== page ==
3. Last and not least, supporting causes on your race kit. This is a slightly more complex relationship because of the nature of charity fund raising and race entry for a lot of events. I had a successful relationship with Rotary UK in 2013 as a charity entrant for Ironman UK 70.3, though I didn’t race in their kit on the day (I raced in my University trisuit, another important affiliation to me). In cases like this, the charity will often provide branded kit to an athlete. But what about the causes we support that we aren’t actively fund raising for?
Get in touch with charities you believe in, talk to their outreach people, ask if they’d like you displaying their logo on your race kit to raise awareness even if you aren’t actively raising funds for them (though setting up a justgiving.com or similar page year round to shift donations to them from your personal websites, etc. is still a great thing). Remember, this does make you constantly responsible for maintaining the highest standards of behavior, so as not to sully their names, but you’re all triathletes, and I expect the best of you anyway.
These are just a few things amongst many that have come up lately, and I think it’s a good place to start thinking about our kit for 2014. I challenge everyone who reads this blog to think about ‘sponsorship’ in a new way: as a relationship with our community, both within triathlon and as part of our daily lives (after all, these are the people who put up with seeing you on the roads in your lycra looking like you’re about to die, with energy gel dribbling down your chin).
Further, if you’re seeking sponsorship for performance and economic support as an elite amateur, look to the companies that have helped you win races and improve in the sport. Be loyal to the products you believe in, as it will only help to make them even better.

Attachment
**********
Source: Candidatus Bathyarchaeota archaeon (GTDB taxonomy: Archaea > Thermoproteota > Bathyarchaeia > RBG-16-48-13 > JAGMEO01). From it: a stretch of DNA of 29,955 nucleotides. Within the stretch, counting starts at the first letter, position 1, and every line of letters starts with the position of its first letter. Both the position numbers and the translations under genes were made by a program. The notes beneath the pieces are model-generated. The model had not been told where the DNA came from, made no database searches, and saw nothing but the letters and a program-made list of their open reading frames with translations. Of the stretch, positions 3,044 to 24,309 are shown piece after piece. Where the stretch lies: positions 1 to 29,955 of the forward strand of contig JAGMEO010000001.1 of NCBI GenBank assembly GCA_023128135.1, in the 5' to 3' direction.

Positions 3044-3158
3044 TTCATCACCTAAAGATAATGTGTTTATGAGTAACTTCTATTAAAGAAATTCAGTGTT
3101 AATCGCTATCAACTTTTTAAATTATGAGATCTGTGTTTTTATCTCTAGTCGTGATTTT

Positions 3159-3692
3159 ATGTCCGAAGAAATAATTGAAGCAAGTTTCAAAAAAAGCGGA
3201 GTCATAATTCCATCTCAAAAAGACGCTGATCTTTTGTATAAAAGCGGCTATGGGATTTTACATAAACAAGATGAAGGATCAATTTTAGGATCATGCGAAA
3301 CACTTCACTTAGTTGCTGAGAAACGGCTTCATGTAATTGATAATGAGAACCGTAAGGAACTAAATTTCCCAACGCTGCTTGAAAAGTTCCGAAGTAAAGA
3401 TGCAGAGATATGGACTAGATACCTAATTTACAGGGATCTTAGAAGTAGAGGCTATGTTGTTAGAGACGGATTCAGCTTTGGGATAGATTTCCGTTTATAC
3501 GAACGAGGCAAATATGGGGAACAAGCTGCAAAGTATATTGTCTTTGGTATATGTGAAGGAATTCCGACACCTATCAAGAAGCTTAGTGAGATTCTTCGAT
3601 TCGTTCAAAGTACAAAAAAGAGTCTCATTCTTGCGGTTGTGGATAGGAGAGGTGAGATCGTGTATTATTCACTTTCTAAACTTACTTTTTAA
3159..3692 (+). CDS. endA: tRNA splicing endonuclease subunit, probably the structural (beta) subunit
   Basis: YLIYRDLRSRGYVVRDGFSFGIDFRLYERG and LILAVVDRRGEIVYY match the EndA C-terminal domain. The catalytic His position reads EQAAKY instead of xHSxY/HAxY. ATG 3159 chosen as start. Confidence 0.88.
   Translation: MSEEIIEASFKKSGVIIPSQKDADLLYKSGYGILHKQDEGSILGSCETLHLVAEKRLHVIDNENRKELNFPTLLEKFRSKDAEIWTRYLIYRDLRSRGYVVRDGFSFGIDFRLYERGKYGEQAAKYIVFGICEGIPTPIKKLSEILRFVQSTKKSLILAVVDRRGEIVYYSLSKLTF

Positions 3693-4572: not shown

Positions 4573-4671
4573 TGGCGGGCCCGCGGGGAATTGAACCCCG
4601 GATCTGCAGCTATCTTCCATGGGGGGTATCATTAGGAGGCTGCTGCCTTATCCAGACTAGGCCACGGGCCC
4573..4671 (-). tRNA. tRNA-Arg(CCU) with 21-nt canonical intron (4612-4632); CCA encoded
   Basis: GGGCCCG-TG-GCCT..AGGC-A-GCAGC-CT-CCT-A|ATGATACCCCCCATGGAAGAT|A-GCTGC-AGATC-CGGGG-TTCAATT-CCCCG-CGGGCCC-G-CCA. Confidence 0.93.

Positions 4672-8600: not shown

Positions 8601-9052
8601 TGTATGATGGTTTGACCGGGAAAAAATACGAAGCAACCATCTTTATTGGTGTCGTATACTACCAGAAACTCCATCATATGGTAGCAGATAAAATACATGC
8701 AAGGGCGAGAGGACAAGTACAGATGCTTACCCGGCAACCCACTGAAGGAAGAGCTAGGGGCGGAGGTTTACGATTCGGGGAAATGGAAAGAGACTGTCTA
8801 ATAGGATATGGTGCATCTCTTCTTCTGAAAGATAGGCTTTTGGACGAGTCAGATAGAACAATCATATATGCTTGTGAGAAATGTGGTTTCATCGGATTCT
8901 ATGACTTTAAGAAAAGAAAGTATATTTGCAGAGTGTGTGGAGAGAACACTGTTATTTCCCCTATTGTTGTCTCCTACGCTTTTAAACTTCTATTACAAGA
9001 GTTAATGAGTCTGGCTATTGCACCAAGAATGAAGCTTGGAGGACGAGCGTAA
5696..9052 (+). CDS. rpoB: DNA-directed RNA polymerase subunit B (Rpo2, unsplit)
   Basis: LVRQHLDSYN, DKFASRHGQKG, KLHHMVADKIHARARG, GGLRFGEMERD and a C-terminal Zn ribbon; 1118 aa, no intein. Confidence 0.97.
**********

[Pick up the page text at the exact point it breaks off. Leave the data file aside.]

With that, I would be remiss if I didn’t thank HUUB, Tri Training Harder, Cervelo, Boardman Bikes, Flo Cycling and GU for being an amazing group of companies that I shared the first year of my triathlon journey with. Their product quality, customer service, and commitment to the community made my triathlon life a better place.
(Disclaimer: this thanks is not representational of a sponsor / athlete relationship, or any contractual agreements! Merely my recognition of some fantastic companies who’ve gone above and beyond!)
All my previous race based Iron Pigeon posts have been written as recaps, the harsh truth of how a race went and the sort of hind sight retelling of the days leading up to the race. I thought it would be interesting to write about the days leading up to the race, a record of the choices I made, without the benefit of seeing how things play out (and then flagellate myself by rereading them two weeks after the race as I’m getting ready to post it all online!) There is also going to be a fantastic disjunction between future and past tense, that’s my new mission here at Iron Pigeon, alternate universes and awkward grammatical constructions.
In this case the race is Rev3 Anderson, which serves as the USAT Long Course National Championships. 20 qualifying spots for Long Course worlds in Weihai, China are up for grabs for age-groupers, coveted TeamUSA places. Having suffered from a lack of course and area knowledge at Wimbleball, and given how serious this race is, I decided that I’d come out almost a week early to settle in and try to really get a feel for the area and the course.
In trying to sort out the best options for flights, I was lucky to bag a rewards flight with Alaska, which let me fly direct into Atlanta, Georgia and then drive the hundred miles to Anderson. It saved me a fair amount on transporting my bike (as Alaska has a fairly minimal bike carriage price relative to Delta / Continental) and since I was going to be renting a car anyway, seemed to make the most economic sense.
The upside of flying cross-country is, of course, the speed. The downside, of course, is disassembling and packing up your race bike. I had gotten pretty used to travelling with the Boardman, so breaking down the P5 for the trip was a bit nerve wracking. I’ve had a few people ask me how it fits in the bike case, and how I travel with it, so I’ve kind of done a step by step of the unpacking end of things and re-assembly. At least one of the steps turned out to be extraneous, but hey, you learn these things.
The other things I learned on this trip were what we take for granted in our home workshops and what are harder to plan around. At Wimbleball we drove, so taking a full toolkit was our prerogative, similarly, I booked my IMUK hotel through an events company that could provide tools as needed to athletes. In this case, I had what I could pack into my checked luggage and carry on.